Wire Gauges and Cord Sizes
There is a complete Wire Gauge Capacities table on this site that shows detailed information regarding wire gauge sizes and amp ratings. However, the majority of 120 volt RV questions regarding wire sizes can be answered quite quickly by the following table:
Note that the above chart gives you the amp ratings for each conductor. This should be identical to the circuit breaker rating. However, these ratings are based upon continuous usage. If a brief intermittent current surge occurs your wiring won't instantly smoke. If the proper circuit breaker is in place it will trip before causing irreparable damage to the cord set.
Shore power cords generally come in two sizes - 30 amp and 50 amp. A 30 amp cord will have # 10 wiring in it. The 50 amp cord will have three # 6 wires in it to carry the current but the fourth wire is the ground wire and it will be of a smaller #8 gauge, which is adequate because it will only be used in the event of a short circuit and the breaker will trip soon thereafter.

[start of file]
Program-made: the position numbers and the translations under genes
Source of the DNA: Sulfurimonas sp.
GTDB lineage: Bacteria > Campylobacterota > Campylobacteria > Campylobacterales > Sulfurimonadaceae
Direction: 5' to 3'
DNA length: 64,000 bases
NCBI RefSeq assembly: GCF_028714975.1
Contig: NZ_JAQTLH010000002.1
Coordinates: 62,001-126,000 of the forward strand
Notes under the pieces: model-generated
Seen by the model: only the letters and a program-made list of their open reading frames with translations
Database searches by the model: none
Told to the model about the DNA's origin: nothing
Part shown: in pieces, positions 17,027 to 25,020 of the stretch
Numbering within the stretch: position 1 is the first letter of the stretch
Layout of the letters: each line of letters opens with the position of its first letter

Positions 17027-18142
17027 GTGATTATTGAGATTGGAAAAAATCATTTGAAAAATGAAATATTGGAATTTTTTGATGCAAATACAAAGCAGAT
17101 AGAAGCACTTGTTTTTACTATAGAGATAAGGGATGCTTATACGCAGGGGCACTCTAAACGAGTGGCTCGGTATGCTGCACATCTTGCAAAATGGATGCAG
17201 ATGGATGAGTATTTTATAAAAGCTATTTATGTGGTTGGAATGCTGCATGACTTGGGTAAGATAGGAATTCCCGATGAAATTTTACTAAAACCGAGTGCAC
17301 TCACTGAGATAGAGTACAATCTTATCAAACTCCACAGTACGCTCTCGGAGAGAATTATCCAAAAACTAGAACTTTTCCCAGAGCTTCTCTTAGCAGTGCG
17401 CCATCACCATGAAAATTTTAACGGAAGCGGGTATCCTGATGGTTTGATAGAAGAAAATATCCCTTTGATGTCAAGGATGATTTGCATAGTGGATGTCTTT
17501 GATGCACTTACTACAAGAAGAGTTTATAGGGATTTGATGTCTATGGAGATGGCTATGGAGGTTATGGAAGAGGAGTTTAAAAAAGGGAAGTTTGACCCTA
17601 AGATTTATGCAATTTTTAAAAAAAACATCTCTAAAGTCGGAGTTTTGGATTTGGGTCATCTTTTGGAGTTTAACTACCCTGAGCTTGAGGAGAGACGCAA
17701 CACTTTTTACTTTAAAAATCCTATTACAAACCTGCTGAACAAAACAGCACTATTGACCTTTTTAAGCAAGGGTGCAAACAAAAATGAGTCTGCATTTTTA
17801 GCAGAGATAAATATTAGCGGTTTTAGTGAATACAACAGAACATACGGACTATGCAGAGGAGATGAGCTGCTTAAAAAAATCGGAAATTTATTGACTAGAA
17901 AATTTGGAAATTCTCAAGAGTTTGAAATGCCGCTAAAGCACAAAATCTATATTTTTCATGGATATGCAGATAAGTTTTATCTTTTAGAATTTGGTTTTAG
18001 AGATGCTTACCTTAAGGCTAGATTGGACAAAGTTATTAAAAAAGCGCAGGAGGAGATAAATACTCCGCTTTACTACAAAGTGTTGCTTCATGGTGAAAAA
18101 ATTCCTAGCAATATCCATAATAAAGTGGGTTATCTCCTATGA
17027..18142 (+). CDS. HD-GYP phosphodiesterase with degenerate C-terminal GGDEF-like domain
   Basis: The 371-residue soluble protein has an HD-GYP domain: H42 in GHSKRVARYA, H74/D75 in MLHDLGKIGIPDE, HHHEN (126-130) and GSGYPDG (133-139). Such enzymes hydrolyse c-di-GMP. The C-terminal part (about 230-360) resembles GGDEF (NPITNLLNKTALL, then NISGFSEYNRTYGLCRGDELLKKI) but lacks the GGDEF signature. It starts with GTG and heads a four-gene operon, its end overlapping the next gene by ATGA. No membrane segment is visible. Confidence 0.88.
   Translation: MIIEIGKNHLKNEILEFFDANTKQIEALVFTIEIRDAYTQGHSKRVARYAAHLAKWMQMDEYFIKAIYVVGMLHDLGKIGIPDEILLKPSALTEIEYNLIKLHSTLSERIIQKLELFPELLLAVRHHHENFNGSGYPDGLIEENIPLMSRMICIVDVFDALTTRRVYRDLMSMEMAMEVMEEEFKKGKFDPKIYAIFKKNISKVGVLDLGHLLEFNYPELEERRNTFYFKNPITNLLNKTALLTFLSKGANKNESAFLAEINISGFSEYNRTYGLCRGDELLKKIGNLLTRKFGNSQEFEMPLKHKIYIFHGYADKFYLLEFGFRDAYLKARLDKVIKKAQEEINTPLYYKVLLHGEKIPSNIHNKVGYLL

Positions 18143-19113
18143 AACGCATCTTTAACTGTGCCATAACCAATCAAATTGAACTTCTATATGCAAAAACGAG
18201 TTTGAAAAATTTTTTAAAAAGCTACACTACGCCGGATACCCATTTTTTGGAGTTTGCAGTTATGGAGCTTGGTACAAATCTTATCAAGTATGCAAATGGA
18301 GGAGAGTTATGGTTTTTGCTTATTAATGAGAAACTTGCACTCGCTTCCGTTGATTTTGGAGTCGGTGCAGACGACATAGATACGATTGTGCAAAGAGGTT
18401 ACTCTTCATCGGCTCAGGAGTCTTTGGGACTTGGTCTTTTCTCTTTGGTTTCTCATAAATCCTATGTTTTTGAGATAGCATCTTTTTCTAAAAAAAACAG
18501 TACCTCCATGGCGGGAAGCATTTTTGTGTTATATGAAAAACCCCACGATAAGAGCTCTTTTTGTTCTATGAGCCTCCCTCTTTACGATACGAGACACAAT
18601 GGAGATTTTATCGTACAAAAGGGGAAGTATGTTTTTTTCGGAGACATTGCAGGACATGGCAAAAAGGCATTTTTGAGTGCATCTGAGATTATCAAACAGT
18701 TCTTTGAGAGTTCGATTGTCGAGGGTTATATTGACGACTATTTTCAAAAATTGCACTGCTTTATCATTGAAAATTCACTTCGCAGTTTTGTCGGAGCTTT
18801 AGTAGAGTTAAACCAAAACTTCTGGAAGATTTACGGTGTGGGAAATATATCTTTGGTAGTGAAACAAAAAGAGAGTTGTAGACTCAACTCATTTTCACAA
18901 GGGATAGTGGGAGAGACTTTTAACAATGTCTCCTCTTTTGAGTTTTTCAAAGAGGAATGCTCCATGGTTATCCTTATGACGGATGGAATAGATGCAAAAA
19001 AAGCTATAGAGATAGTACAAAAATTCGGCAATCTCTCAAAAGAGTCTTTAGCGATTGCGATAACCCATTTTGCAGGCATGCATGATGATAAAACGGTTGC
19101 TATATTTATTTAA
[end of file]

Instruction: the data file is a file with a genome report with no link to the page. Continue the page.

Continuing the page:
These ratings are based upon a standard acceptable voltage drop. As you pass more amps through a cord the voltage will drop due to the resistance in the cord. Longer lengths will increase the resistance and the voltage will drop. This isn't an issue with normal shore power cords but if you do increase the length of a cord substantially and then run it at it's maximum current rating you will have a severe voltage drop. An example would be if you wanted to run a 20 amp portable air compressor off a 150' long extension cord. In this case the #12 cord would be hard pressed to pass 20 amps that far and the voltage would drop, possibly damaging your air compressor. In this case I'd jump up to a #10 cord to minimize that voltage drop.
Submitted by Mark Quasius - 2/24/06
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